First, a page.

"The application I've relevantly been assigned to maintain has quite the legacy," writes Jon Beebe, "it's been around since 1997 and has gone through dozens of different hands. Some might say that the work I do to it is built on the shoulders of giants, but not me. It's built squarely on the shoulders of Walker E. Richardson, Suuuuuuuuuupppperrrrr Geeeeeeeeennniuuuuusssss."

"I know Walker E. Richardson only through his code, but still, I feel that I know him quite well. After all, his code is everywhere, and it's often prefixed with something like this.

    // filename:windows.js
    // javascript lib. for making pop up windows
    // walker e. richardson, suuuupppppppppppppppppperrrrrrrrrrrrrr geennnnnnnnnnnnnniuuuuussssssss
<script src="windows.js"></script>

"For the not-so-web-inclined, those comments are in the HTML itself, and not at the top of the referenced JavaScript code. That was Walker E. Richardson's style: describe the libraries where you reference them, not within the library itself. Genius! As for the code he had to offer, here was the genius' way of padding numbers.

    function twoPlaces( num )
        //Walker E. Pluribus Unum Richardson
        //suuuuuuuuuupppperrrrr geeeeeeeeennniuuuuusssss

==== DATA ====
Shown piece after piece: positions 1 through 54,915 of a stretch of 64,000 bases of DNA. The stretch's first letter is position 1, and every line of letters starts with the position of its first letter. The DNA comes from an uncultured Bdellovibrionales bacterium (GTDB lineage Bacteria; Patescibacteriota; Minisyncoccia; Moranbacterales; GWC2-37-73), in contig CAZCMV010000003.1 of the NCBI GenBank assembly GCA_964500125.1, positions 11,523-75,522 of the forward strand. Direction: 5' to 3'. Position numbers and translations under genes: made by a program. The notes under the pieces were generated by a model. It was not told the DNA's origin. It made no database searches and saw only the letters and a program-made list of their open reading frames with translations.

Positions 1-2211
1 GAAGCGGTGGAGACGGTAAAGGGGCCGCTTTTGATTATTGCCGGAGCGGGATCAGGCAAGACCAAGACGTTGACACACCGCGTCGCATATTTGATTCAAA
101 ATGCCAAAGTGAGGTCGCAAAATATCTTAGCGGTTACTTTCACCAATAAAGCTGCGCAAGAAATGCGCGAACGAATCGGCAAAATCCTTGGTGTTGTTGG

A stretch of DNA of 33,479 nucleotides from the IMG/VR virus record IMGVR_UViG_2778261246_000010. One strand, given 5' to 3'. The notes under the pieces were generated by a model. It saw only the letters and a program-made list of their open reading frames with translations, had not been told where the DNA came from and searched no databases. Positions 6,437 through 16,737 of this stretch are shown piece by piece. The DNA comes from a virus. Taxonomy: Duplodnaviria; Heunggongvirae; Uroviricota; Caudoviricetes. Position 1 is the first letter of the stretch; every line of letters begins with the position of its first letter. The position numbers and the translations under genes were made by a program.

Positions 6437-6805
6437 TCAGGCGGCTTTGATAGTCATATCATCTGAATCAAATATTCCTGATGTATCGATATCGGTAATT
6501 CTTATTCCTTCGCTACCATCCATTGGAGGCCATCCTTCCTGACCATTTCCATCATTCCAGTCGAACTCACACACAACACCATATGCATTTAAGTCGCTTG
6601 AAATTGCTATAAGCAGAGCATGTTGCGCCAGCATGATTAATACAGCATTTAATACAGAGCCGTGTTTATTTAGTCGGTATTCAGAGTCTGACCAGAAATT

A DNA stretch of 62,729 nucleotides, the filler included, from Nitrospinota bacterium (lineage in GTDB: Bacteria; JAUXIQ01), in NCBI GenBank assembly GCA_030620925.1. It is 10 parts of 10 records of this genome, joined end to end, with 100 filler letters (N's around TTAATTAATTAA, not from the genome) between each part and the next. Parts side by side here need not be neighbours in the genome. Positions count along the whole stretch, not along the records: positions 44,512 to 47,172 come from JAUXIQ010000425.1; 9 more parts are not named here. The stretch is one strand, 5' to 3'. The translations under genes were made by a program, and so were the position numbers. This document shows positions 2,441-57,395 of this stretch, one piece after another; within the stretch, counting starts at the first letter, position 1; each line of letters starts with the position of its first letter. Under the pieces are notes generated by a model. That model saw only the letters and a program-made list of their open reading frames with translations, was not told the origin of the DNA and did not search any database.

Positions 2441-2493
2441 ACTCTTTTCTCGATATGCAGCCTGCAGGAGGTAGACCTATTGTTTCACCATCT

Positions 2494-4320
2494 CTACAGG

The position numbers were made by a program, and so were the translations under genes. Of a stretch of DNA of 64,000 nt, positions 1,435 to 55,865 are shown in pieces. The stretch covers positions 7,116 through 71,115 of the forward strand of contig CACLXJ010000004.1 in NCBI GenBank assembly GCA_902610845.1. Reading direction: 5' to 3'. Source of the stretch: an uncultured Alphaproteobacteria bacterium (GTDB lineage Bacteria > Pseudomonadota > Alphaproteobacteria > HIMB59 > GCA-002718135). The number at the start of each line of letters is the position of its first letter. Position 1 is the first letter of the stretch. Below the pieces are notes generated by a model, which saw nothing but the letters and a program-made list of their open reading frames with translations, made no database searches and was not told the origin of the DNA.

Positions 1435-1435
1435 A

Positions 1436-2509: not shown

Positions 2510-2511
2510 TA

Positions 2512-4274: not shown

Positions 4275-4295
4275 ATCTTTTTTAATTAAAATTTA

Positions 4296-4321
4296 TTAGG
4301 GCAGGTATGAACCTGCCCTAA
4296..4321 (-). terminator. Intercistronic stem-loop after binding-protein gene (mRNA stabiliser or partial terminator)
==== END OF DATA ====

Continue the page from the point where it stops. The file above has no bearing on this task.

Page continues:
if ( num > 10 ) num = '0' + num;
        return num;

"Oh, he'd also sign his functions every now and then... I think when he was particularly proud of them. I guess this function (which I still can't figure out what it does) wasn't quite worthy of his name.

function DebugObject(winOUT,debugOBJ) {
    if (! debugOBJ)

    if ( winOUT.document ) {
            var dOUT = winOUT.document;
    } else if (winOUT.contentDocument) {
            var dOUT = winOUT.contentDocument;
    } else {
            alert("cant find browser document");
    } // end if


"Best of all," Jon continues, "his liberal use of tabs when coding created a zen-like editing experience. "

function SetStartTimesFunc( myDate )
        var wantedTime        =        document.getElementById( 'SetStartTimes' );
        CheckOnTimeInput( wantedTime );
        var inputs        =        document.getElementsByTagName( 'INPUT' );

        for ( var i = 0; i < inputs.length; i++ )
                var thisInput        =        inputs[i];

                parts                =        thisInput.id.split(':');

                if ( parts[0] == 'AuctionStart' )
                        thisInput.value                =        myDate + ' ' + wantedTime.value;

Jon added, "at least the user experience matched the code formatting. The suuuuuuuuuupppperrrrr geeeeeeeeennniuuuuusssss managed to use a half-dozen IFRAMES, cookies, and JavaScript on a single page to simulate AJAX-like behavior. That wasn't a hold-over from the mid-90's, it was more a 2009 thing."

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